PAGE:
Peter Paul Rubens - The Honeysuckle Bower

by Alexandra Tuschka


He had spent nine years in Italy when Rubens returned to Antwerp in 1608. Shortly thereafter, already 32 and highly famous, he met the 18-year-old Isabella Brant, a young girl of status from his immediate surroundings. His brother Phillip had married her relative Marie de Moy and introduced them to each other. So now, not even a year after their return, they were already married. The double portrait, which we know today as "Honeysuckle Arbor," shows Rubens in intimate union with his wife. He was the most sought-after painter of his time and a social climber. With his appointment as court painter, he received a rich annual salary and could demand prices for his works that had never been paid before. Thus his bourgeois background met the newly acquired aristocratic lifestyle.

The portrait with his wife expresses this symbiosis: the couple is sitting outdoors in front of an arbor back wall. She has made herself comfortable on the ground, possibly with a seat cushion, while he is positioned somewhat elevated, demonstrating, as it were, his superior role in the partnership. Isabella, however, is positioned in front of her husband and closer to the viewer, so that the relationship appears balanced. Both wear splendid, high-quality clothing, Isabella is richly adorned. Behind her, the greenery has grown densely and slows down our gaze; on the left, however, it opens up into the distance. One can freely associate this with the different roles. The man turns to the "world", the woman to the domestic, closed area. This motif is reminiscent of love gardens, but also of the "Madonna dell'humilita", although sitting on the floor on a cushion was not unusual in higher circles of that time.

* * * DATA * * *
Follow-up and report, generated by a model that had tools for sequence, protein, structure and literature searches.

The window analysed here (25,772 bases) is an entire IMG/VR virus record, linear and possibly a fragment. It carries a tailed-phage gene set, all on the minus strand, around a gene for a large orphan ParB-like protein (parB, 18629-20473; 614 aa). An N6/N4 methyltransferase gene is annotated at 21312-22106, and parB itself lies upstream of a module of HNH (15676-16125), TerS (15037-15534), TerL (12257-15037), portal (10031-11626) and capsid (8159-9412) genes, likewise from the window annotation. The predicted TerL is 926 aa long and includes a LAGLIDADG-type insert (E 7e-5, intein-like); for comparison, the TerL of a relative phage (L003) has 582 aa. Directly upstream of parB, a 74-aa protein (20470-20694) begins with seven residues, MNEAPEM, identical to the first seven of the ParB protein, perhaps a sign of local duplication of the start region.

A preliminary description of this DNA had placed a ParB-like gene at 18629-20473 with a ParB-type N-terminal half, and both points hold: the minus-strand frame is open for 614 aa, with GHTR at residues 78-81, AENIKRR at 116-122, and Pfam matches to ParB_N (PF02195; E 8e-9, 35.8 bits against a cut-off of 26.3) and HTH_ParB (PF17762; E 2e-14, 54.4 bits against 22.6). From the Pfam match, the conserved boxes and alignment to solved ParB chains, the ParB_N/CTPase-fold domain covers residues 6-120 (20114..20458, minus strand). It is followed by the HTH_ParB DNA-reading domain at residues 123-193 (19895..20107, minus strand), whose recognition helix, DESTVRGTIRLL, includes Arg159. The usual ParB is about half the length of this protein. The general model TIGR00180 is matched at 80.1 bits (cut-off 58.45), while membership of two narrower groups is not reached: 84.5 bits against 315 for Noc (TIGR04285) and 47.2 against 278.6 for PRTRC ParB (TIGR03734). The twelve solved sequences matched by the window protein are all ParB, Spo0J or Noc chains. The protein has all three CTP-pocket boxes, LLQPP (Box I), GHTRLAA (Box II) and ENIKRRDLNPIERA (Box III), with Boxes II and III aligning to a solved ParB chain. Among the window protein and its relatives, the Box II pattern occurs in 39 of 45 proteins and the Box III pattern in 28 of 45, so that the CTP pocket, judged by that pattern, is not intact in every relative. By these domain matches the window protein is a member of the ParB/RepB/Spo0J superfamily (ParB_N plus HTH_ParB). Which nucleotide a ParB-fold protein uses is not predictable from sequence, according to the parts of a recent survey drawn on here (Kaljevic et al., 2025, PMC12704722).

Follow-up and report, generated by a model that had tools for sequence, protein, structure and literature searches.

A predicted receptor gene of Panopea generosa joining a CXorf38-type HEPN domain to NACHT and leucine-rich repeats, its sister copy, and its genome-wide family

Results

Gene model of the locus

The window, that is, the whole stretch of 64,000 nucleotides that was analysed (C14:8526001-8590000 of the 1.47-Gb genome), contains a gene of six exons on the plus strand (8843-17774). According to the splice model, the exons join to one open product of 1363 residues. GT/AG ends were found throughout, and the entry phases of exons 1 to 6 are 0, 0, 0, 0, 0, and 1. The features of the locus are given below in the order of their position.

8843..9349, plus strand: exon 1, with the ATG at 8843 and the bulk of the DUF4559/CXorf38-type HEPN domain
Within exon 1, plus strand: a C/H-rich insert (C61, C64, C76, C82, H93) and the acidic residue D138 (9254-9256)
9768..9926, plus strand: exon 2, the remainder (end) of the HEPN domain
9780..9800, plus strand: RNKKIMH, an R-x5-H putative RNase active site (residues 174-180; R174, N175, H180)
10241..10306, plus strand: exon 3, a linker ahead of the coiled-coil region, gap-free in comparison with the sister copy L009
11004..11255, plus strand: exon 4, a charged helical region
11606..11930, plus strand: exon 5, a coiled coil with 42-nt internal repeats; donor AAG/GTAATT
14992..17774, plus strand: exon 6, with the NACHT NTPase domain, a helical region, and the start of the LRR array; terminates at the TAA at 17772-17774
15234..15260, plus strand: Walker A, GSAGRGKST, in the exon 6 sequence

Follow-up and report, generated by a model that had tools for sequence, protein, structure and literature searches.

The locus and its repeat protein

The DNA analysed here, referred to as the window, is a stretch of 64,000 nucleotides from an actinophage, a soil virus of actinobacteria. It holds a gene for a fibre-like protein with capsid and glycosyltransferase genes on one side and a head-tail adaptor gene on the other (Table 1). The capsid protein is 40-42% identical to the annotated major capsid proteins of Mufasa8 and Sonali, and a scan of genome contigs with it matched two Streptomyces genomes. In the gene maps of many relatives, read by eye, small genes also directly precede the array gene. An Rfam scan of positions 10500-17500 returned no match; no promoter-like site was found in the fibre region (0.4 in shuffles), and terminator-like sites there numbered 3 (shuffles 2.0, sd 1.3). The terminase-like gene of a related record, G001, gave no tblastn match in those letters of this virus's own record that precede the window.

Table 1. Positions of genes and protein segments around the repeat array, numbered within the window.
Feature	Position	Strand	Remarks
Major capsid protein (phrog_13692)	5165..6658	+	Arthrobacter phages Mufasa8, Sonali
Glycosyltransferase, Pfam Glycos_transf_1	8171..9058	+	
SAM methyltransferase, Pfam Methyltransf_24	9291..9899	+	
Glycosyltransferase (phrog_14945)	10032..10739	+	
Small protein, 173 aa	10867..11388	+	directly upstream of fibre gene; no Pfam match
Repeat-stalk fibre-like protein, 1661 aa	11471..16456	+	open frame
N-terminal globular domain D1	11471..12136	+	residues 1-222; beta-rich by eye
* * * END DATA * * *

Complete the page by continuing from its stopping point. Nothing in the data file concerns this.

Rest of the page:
While Rubens shows a serene expression, one finds a mild smile on the woman's face. The hands of the two unite in his lap. Her hand rests on that of her husband. This gesture probably comes from an ancient marriage tradition, the dextrarum iunctio. The composition is also deliberately chosen, we see the spouses in a circular formation - stable, balanced closed. Likewise, the colors are balanced and soothe the eye. The strong colors red and orange complement each other in the center and are framed by the complementary color blue.


The deeper layer of meaning in the painting is expressed in the choice of setting - the honeysuckle vine, popularly known in german as somewhat saying "the longer the better", is symbolic of a lasting, loving and fruitful union - the relocation of the couple outside for the correspondence of this union with nature. What gives the painting a special place within art is the novel and loving depiction of the couple. Contrary to the usual tradition, both are individual, equal, turned towards each other. Even a little eroticism is hidden in the gold band, which leads from Ruben's foot to the lady's pubic, she smiles coquettishly and probably does not mind. The marriage produced three children, two of whom survived their parents.


It could be that the painting was created in the year of the marriage 1609 and wanted to capture this wedding as a love portrait, but there is also, due to stylistic peculiarities and the fact that Rubens shows himself here as a nobleman with a sword, the theory that the year of creation 1612 is more likely. This privilege was namely withheld from the nobility. A previous depiction of this kind would have been an affront. In 1612, Rubens was actually elevated to the status of nobility. Such a double portrait could coincide with this event, thus securing and attesting to the status. The dimensions also speak for themselves: although the work has been cropped for unknown reasons, it still measures 178 x 136.5 cm and accordingly shows the two almost life-size. The hat, however, has had to leave a little material. Unfortunately, Isabella died at the age of only 36, Rubens later married a second time.


Peter Paul Rubens - The Honeysuckle Bower

Oil on canvas, 1609 / 1612, 178 x 136.5 cm, Alte Pinakothek, Munich

Visit us 

  • Instagram
  • Youtube

© 2021 the artinspector